More recently, he has been vocal over cuts to the police. After visiting the US where, for example, public sector cuts in New Jersey have led to the police force losing 48 per cent of its staff and a catastrophic rise in crime, he is more convinced than ever that the role of leader is to protect the frontline.
While he thinks it important to explain the potential damage cuts could do, he adds: “We are all public servants and the government has got a huge job to find billions of pounds. My preference is to blame the banking system but at any rate you have to lead your people through difficult times and focus on protecting the citizen.”
And in language that could put him in any NHS boardroom, he says: “We are making all sorts of difficult structural changes, bringing in IT solutions, collaborating. I am confident that by the end of this spending round we will be on target. It is important that we do not get hung up on numbers but focus on outcomes and service delivery transformation.”
There are many themes here common with the health service - not just leading in difficult financial times but also, with the Francis Inquiry looming, leading in the face of crises that threaten public trust and risk knee-jerk condemnation from politicians and the press.
But there is one key difference from NHS leaders. Sir Hugh often refers to the fact that he is, above all, a police constable. He came into the force in 1977 as a constable - as do all police officers - and took the same vow, wore the same uniform, did the same job as his officers do today.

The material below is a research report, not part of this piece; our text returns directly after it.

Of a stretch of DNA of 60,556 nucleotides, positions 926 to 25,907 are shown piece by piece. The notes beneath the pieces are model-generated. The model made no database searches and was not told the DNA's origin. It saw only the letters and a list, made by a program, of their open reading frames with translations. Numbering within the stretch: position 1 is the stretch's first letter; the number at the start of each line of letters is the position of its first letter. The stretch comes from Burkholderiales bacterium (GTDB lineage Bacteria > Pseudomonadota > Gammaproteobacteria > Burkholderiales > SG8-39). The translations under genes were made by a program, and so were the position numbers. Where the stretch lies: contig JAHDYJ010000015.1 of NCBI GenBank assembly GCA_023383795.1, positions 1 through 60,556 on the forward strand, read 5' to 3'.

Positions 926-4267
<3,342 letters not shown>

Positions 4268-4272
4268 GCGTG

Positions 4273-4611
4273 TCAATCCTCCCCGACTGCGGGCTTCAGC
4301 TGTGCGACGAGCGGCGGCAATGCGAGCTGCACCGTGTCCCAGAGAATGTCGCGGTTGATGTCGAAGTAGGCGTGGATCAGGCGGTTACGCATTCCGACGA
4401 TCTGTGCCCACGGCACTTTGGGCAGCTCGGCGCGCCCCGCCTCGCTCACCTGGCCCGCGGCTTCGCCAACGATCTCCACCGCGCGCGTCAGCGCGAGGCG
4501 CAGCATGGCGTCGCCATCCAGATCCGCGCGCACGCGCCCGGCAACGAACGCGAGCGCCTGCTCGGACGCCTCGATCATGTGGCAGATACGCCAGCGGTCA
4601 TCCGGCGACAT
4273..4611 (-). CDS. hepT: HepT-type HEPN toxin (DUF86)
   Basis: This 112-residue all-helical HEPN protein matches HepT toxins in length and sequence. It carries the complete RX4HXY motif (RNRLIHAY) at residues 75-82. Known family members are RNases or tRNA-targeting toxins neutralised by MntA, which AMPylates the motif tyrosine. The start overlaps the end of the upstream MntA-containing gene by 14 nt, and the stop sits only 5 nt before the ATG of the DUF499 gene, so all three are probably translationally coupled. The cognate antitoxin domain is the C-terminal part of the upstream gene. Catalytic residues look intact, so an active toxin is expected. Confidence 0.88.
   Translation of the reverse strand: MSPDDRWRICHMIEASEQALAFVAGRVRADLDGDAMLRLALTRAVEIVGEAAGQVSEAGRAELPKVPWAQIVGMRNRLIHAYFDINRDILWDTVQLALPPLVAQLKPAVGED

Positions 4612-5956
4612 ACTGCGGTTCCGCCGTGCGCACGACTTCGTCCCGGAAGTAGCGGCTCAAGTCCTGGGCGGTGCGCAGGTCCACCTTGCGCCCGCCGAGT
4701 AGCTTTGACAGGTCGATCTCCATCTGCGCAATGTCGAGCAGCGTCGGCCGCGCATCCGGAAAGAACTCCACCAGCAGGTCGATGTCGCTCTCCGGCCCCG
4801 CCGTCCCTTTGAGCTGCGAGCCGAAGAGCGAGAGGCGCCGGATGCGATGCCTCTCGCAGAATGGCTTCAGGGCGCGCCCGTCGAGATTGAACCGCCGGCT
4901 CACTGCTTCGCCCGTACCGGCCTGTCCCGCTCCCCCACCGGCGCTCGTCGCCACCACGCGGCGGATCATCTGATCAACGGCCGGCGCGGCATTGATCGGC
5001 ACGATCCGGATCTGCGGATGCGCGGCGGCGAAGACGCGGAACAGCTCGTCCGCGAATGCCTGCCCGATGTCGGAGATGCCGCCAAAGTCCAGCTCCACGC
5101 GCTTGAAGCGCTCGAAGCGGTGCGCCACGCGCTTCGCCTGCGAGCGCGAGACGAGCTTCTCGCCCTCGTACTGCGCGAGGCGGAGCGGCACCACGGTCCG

And this is where many NHS chief executives will always face a unique challenge: that of leading a professionally diverse workforce.
Star question David Gilbert Director, InHealth Associates
What are your views on leading internal change in the police, particularly regarding attitudes to mental health in the police force?
On August 1 2012 an inquest jury in London found that police used unreasonable force before the death of a schizophrenic man in custody.
Events leading to Sean Rigg’s death at Brixton police station in May 2008 had shown an “absence of leadership”, jurors found.
It is a case that highlights again the issues facing the police as they deal with people with mental health problems who have become violent and for Sir Hugh it is nothing new. It is, he says, “absolutely critical” to do it better.
“I was looking back at the records of the Chief Constables Council meeting in 1913,” he says, holding a copy of a hardbound book. “Top of their agenda then was mental health and drunkenness.”
As the jury heard, Rigg - a karate expert who had a long history of mental health problems - had stopped taking medication. Staff at the hostel where he lived called the police when he became violent and threatened staff.
In Sir Hugh’s words, he moved from the “controlled space” - the hospital, the school, the hostel - where most public workers operate, to the “uncontrolled space” inhabited by the police.
In all the condemnation, he says, “no one asks the real question: how did this guy end up in the uncontrolled space? A police station is fundamentally the wrong place for people who are unwell to be”.
He wants to see rapid removal of people with mental health problems from custody, “by which I mean 30 minutes, not five hours” and is supportive of police forces now looking to employ more mental health professionals.
“There must be capacity to deal with these people and remove the burden from the police,” he says. “That will not stop the police responding but it will allow them to return to their primary duty much more quickly.”
He is aware of talks between the health secretary and home secretary, who both share his concerns, and hopes to see progress on this agenda. “But the harsh reality is that we are suffering 20 per cent cuts in our budget. If you are looking for a 24-hour response, that’s expensive.”